Finally, a study that makes perfect sense. According to a study published in the May issue of the journal Psychological Science, the happiest marriages are the ones that are the most, well, delusional.
As reported today in the Los Angeles Times, the study shows that of 222 newlywed couples who were followed for three years, those who had an abnormally high level of “rose colored” glasses about each other were the only pairs who didn’t show a decline
in their level of marriage happiness.
“People who were the most idealistic about their partner in the beginning showed no decline at all in satisfaction over the first three years of marriage,” said study lead author Sandra Murray, psychology professor at the State University of New York at Buffalo. Is there anyone who is surprised by this?
Whenever I have asked a woman who has been with her husband for decades what their secret is, I usually get an answer along the lines of, “I got myself a great man.” Maybe she does, but why not an answer along the lines of, “We communicate well,” or “We have the same values,” or “The sex is hot!” Instead, it’s always some variation of “He’s great.” Even when he’s not.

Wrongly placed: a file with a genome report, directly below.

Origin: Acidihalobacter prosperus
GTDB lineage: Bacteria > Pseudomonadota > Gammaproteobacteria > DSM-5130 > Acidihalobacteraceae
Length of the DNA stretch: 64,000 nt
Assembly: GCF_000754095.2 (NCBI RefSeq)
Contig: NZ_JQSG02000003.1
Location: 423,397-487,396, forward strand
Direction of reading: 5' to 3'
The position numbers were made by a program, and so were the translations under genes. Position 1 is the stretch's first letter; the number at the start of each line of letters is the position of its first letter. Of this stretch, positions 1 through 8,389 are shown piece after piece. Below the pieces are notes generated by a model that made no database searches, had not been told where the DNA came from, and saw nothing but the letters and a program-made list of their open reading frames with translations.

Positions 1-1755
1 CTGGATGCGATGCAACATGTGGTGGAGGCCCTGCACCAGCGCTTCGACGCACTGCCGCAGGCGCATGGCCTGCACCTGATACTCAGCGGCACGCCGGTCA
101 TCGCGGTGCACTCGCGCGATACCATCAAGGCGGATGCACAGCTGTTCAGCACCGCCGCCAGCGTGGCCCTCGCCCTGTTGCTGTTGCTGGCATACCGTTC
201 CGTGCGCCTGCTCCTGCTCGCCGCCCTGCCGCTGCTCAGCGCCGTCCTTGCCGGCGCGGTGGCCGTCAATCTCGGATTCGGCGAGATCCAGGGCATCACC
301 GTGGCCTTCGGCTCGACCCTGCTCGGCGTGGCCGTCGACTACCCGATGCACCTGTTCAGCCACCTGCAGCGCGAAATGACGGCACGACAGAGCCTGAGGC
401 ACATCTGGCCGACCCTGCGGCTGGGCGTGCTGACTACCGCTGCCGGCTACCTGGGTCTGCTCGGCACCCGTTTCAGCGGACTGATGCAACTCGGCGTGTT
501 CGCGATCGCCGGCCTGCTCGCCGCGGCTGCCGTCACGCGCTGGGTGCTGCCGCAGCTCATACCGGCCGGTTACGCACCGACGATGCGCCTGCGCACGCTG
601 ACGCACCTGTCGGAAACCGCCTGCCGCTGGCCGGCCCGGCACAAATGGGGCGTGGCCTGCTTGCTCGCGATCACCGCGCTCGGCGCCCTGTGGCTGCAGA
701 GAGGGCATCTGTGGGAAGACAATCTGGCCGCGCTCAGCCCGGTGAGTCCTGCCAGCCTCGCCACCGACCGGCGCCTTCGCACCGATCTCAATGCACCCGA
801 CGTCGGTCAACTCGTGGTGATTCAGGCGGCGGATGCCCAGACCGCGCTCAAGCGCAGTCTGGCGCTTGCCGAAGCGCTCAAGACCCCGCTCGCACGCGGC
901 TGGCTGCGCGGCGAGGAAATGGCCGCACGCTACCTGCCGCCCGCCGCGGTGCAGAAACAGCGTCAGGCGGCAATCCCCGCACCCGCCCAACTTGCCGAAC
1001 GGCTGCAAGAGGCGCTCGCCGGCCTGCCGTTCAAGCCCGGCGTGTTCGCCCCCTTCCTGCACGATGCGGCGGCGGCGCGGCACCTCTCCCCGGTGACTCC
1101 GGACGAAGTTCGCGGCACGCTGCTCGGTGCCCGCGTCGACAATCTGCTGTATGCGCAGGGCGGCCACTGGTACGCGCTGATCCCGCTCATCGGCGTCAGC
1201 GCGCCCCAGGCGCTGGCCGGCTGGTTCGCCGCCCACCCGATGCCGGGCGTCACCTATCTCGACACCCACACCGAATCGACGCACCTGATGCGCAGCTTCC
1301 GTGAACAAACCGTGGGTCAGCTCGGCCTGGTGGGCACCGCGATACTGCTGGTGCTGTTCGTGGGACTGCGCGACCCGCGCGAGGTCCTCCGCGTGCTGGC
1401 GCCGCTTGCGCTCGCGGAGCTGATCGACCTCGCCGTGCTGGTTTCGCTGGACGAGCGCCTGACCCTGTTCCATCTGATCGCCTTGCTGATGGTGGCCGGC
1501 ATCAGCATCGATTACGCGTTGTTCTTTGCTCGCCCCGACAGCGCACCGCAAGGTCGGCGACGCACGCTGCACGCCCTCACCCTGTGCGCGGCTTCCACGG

For example, there was the couple that was good friends with my grandmother. They’d come over for dinner once and awhile and I was always struck by their lovey-dovey demonstrativeness, despite their decades-long marriage. It turns out that the man had once had an affair with another woman and left the union for two years. The wife merely waited for him to come back and, when he did, she promptly forgave him and picked up where they left off. When I asked my grandmother why she’d forgive him so quickly, my grandmother answered, “She’s always thought he was it.” Ah, sweet delusion.
Then there’s my friend. She’s been married for over a decade and is very happy. Last year, I went to a party with her and her husband and watched as he drank gallons of hooch and noisily flirted with every female in the near and far vicinity. “Isn’t it nice my husband is so social?” my friend asked, starry-eyed. Um, indeed.
I think of supermodel Janice Dickinson’s memoir No Lifeguard On Duty. Dickinson’s father, as she writes, was a horror show: An abusive jerk who sexually preyed on his three daughters. He also had a habit of cutting off people in traffic, then getting
out of the car to confront them with explosively demented diatribes. Dickinson recalls that her mother would look out the window as he terrified some innocent elderly couple and ask, dreamily, “Isn’t he funny?” They never divorced.
So I guess being delusional is the key to a long, happy marriage. If so, forgive me if I say I’d rather have a short, miserable one.
Kiri Blakeley, Forbes